MF: Sure.  Well, herd immunity is the concept that once enough people in the population have immunity to an infectious agent that it's less likely to be spread.  Now that is typically a high percentage of people so 70%, 80% of people that have immunity.  And the best way to achieve that is to use a vaccine, I mean, that's why we have the various vaccines, measles, and mumps, and those kinds of things is to keep these diseases from spreading in the community.  What we're hearing though is people actually advancing the idea of allowing the virus to just run rampant until enough people have it and develop immunity and then it will slow down.  Well, that carries and we're seeing that in Sweden one country that decided to take that approach.  When you compare Sweden to the countries around it the number of cases, the numbers of deaths are multiple times higher than those other countries.  And this is a new virus, we still don't know the full impacts of it.  What we're starting to see is that even people with mild disease have long-term consequences as this virus is actually--it's less of what you think of as like a lung disease or pneumonia-type of virus.  It's actually an attack on the vascular system and so it's causing heart disease, liver disease, kidney disease, impacts on the brain and people's ability to function cognitively.  And so what does this mean for our children?  We're seeing a higher proportion of cases in children now at eleven percent where it was two percent earlier in the pandemic.  What is this going to mean for their development and their cognitive functioning going forward, we don't know.

CH: So let's talk about the Biden administration.  From what you've seen, from the measures that they plan to implement and of course their collaboration with the for-profit healthcare industry, what's your biggest concern?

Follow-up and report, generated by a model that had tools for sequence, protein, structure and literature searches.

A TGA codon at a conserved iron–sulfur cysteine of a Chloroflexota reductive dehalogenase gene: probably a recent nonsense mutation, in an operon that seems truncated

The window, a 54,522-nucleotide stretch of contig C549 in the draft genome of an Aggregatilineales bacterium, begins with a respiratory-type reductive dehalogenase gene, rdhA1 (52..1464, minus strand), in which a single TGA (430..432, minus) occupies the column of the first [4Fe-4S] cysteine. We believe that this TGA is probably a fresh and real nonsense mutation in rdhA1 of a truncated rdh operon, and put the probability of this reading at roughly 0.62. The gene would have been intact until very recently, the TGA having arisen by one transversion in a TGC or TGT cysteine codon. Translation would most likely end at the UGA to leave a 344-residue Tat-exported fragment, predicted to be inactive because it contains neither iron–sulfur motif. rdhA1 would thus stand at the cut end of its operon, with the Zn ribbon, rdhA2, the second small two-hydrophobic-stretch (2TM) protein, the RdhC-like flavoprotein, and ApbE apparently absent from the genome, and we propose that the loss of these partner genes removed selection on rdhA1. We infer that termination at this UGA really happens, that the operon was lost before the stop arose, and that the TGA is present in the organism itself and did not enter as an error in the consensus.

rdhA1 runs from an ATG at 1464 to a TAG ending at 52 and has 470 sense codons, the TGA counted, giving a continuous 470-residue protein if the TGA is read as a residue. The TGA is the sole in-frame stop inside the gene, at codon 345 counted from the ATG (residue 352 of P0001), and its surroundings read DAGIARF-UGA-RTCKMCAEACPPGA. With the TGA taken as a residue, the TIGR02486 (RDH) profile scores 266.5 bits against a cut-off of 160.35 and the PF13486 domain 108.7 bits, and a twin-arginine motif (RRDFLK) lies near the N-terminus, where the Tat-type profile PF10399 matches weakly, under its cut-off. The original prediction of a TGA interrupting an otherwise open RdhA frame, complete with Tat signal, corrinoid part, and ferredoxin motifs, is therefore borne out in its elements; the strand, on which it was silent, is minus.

MF: Well, what I see coming from the Biden administration is just nothing different really from what we have.  And it's interesting how he's pushing this idea of a public option.  And that was something that the Obama-Biden administration pushed in 2009 during the health reform process.  They said, "Oh we're going to create this public insurance and it's going to be less expensive and people will be able to have that."  And then what we found out as that process went on was that was a whole ruse to get people that supported public health insurance on board with their plan, but in reality when the Senate started to move in the direction of including it in their bill the White House whipped against the Senate and said "No, don't put that in there."  They wanted to make sure it wouldn't be in the final piece of legislation.  So is Joe Biden doing the same thing now?  We don't know, but even if he did develop a public option it doesn't change anything, it's just one more insurance, there's no way--there's no proof that it can lower costs of care, it has to compete with these other big insurance companies.  It has to market itself.  So we're just not--we're seeing again him using the same kind of language we saw in 2009, offering non-solutions and we don't have any trust that in the end that's what they're really going to do.  One other thing I see them doing which was done in 2009 is there's a lot of talk about abortion rights and reproductive healthcare rights.  And of course that's important, that's something that we need to have in this country.  But they did this with Women's Health in 2009.  It's a way to kind of--they put out a piece of legislation that's completely inadequate but they'll say, "Oh, but look how it's going to help this group."  And you can't get rid of it because, you know, we need to help this group.  And so, oh we'll throw all of the rest of the population under the bus but, you know, we can't sacrifice, you know, we have to do this because it's doing this one good thing.  So people fall for that and we're not, you know, we need to be demanding more.